Some major schemes, like the motorway down the lakes that planners proposed in the 1960s, can be abandoned when everyone, planners and citizens, realise that actually it is a bad idea, but that is rare. Other schemes get built and it's only then that people can see the impact and only then that they realise that the real problem is that buildings like that don’t get unbuilt.

Lille Langebro …. news



A newsletter has just come through from the BLOX website to say that there has been an accident in Hamburg where a crane failed as it was lifting the sections of the new bridge onto a barge for them to be transported to Copenhagen.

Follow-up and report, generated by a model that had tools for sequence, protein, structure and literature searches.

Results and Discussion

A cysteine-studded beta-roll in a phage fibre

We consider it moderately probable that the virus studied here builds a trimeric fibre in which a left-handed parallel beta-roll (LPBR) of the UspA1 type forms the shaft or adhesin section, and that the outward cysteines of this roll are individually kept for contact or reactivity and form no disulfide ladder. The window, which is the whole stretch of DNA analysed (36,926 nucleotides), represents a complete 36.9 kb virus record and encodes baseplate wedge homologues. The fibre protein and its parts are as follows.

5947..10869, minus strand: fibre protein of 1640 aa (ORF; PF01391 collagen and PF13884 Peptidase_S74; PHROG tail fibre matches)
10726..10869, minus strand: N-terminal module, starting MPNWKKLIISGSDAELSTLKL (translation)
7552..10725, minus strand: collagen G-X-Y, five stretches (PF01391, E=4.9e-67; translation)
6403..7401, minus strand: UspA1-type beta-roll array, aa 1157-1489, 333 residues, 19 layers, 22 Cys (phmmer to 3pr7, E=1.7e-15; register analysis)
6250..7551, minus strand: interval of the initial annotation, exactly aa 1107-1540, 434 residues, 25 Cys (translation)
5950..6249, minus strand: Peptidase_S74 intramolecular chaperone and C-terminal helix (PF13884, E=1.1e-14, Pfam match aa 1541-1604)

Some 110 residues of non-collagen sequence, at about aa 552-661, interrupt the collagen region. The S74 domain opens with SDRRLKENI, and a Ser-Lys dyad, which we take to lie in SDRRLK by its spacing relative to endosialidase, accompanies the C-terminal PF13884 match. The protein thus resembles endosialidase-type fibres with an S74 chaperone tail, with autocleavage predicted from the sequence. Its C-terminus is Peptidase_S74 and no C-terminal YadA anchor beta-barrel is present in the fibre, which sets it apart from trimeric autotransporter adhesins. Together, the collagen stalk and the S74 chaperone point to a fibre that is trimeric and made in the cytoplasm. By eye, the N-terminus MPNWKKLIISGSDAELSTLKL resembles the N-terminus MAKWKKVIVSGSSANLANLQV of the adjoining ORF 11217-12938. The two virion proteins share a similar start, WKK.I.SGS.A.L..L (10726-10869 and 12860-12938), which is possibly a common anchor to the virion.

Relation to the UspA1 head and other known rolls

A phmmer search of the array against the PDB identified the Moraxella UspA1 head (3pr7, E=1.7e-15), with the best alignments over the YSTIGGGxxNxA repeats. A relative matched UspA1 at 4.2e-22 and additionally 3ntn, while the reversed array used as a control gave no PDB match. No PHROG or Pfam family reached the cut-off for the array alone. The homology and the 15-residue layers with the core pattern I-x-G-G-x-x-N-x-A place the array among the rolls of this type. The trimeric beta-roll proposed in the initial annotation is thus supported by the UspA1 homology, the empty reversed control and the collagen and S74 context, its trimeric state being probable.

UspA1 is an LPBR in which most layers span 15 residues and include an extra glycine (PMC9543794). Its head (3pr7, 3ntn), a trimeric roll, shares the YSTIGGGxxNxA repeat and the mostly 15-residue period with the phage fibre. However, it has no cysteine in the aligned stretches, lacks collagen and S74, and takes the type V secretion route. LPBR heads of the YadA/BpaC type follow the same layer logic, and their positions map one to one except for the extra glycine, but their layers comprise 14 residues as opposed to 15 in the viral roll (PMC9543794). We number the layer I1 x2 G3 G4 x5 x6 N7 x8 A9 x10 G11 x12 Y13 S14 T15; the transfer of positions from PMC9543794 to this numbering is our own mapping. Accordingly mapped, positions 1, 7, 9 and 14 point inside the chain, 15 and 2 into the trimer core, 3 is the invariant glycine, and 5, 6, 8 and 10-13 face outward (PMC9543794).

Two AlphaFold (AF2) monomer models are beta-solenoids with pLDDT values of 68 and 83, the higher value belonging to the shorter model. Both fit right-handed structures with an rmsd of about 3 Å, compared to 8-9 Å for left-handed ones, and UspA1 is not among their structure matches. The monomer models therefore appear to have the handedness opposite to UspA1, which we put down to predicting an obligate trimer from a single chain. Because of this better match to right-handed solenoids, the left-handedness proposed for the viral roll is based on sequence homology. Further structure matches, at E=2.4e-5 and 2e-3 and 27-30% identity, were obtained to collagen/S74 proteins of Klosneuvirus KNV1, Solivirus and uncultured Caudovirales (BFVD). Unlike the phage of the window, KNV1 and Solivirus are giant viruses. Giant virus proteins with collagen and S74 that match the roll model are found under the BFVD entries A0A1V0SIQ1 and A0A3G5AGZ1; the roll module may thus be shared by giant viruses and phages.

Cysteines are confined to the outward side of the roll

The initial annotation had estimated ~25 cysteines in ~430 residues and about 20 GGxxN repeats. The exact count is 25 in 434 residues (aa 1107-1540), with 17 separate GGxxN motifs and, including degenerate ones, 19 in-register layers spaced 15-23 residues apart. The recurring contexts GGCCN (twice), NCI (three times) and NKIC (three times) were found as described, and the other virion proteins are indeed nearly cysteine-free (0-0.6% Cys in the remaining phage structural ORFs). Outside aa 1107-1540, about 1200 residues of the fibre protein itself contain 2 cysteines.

Two of the four massive sections of the bridge have been damaged beyond repair and will have to be remade. No one was hurt in the accident but these sections took a whole year to fabricate so there will be a long delay to the completion and opening of the bridge that will form a bike and pedestrian link between Christianshavn and the quay alongside the newly opened BLOX building.

looking down the harbour


Walking over the new bridge from the Christianshavn or Opera House side of the harbour to Nyhavn, on Sunday afternoon, this was the view down the harbour looking towards Knippelsbro.

It was mid afternoon so the light was dropping and the buildings were reduced to silhouettes - almost to a series of planes - as if they were the scenery flats of a giant theatre.